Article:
Current teaching

Lecturer
University of Warwick, Department of Economics
Senior Tutor
University of Warwick, Department of Economics
Teaching Assistant
Warwick Business School
Teaching Assistant
University of Warwick, Department of Economics

Past teaching

Teaching Assistant
University of Warwick, Department of Economics
Teaching Assistant
University of Warwick, Department of Economics
2016-2017
Introduction to statistics and Stata
Teaching Assistant
Warwick Business School
2014-2016
Econometrics
Teaching Assistant
Warwick Economics Summer School

Office hours:

Advice and feedback hours: Monday 3-4pm; Tuesday 3-4pm

Office: S0.62, Social Science Building, Department of Economics, University of Warwick

 
 
 
 
 
 
 
 

I am an applied economist, working on topics in the areas of political economy, public economics, economics of migration and applied econometrics. I am currently working as postdoctoral research fellow at the Institut d’Economia de Barcelona (IEB), University of Barcelona.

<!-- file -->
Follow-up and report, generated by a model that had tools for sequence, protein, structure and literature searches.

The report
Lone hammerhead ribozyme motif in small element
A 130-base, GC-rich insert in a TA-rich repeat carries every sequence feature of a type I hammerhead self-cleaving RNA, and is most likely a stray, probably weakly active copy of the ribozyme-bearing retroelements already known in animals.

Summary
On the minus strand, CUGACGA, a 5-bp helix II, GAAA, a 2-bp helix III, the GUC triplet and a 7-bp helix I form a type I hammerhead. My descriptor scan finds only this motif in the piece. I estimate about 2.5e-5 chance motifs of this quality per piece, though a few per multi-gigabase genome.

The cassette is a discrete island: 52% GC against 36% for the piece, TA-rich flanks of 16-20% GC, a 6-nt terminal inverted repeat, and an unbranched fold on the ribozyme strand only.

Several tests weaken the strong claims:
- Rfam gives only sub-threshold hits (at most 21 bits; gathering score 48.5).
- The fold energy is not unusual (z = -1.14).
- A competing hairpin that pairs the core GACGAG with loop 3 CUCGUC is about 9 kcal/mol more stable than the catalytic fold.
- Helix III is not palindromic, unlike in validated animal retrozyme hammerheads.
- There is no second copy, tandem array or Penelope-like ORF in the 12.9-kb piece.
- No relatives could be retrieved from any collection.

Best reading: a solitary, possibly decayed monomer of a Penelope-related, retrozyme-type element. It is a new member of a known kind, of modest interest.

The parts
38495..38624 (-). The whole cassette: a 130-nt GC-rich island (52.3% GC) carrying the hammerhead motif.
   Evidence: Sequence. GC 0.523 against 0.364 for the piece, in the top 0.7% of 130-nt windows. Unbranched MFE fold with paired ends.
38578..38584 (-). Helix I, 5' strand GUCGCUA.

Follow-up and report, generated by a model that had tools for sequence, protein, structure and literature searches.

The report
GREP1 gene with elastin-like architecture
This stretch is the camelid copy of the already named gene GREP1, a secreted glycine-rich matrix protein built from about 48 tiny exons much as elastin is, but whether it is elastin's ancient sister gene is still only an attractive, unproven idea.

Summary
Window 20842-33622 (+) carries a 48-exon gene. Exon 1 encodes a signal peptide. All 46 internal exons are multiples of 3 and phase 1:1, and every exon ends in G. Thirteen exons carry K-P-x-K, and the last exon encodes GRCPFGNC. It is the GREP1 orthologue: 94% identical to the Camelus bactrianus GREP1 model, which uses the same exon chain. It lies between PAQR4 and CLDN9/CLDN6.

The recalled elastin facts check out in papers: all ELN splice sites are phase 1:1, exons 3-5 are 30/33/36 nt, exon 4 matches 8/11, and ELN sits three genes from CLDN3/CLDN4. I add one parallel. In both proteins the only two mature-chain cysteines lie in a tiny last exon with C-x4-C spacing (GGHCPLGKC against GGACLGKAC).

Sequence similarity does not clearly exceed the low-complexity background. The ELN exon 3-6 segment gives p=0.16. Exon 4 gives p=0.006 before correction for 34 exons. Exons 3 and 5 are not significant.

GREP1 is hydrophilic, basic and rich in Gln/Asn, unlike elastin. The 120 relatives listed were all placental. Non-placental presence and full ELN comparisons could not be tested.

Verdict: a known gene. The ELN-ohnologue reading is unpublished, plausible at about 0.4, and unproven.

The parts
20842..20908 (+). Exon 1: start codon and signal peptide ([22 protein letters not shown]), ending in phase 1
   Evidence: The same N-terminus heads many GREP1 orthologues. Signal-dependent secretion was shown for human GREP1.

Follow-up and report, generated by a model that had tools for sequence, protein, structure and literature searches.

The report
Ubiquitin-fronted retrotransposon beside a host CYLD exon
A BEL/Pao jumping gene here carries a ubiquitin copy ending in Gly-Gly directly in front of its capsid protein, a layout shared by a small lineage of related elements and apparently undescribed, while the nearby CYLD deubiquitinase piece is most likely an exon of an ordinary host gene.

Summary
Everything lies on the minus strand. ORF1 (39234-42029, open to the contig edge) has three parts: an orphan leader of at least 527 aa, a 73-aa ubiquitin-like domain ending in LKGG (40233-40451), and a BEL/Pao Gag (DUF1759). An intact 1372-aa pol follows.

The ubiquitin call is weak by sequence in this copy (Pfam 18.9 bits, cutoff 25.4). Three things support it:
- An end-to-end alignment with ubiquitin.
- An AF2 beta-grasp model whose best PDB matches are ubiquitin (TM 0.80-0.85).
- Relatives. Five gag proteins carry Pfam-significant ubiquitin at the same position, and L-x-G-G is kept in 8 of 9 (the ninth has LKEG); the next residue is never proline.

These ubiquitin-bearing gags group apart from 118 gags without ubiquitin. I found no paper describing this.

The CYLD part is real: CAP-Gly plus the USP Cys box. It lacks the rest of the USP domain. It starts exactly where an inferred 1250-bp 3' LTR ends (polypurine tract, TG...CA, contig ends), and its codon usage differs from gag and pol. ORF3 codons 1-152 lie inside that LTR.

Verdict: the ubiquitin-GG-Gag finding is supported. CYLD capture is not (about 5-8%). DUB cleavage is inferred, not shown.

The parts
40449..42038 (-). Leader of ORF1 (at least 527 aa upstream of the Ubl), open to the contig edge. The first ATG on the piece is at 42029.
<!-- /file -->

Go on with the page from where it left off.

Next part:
references

Mirko Draca – University of Warwick

Ben Lockwood – University of Warwick

Jeremy Smith – University of Warwick

 
 
 
 
 
 
 
 

working paper

Dec 2019

Stop invasion! The electoral tipping point in anti-immigrant voting

with

M. Bordignon, E. Slerca and G. Turati

Why do anti-immigrant political parties have more success in areas that host fewer immigrants? Using regression discontinuity design, structural breaks search methods and data from a sample of Italian municipalities, we show that the relationship bet...
More
Why do anti-immigrant political parties have more success in areas that host fewer immigrants? Using regression discontinuity design, structural breaks search methods and data from a sample of Italian municipalities, we show that the relationship between the vote shares of anti-immigrant parties and the share of immigrants follows a U-shaped curve, which exhibits a tipping-like behavior around a share of immigrants equal to 3.35 %. We estimate that the vote share of the main Italian anti-immigrant party (Lega Nord) is approximately 6 % points higher for municipalities below the threshold. Using data on local labor market characteristics and on the incomes of natives and immigrants, we provide evidence which points at the competition in the local labor market between natives and immigrants as the more plausible explanation for the electoral success of anti-immigrant parties in areas with low shares of immigrants. Alternative stories find less support in the data.
Close
Nov 2019

Manager or professional politician? Local fiscal autonomy and the skills of elected officials [Revision requested, Regional Science and Urban Economics]

With

M. Bordignon and G. Turati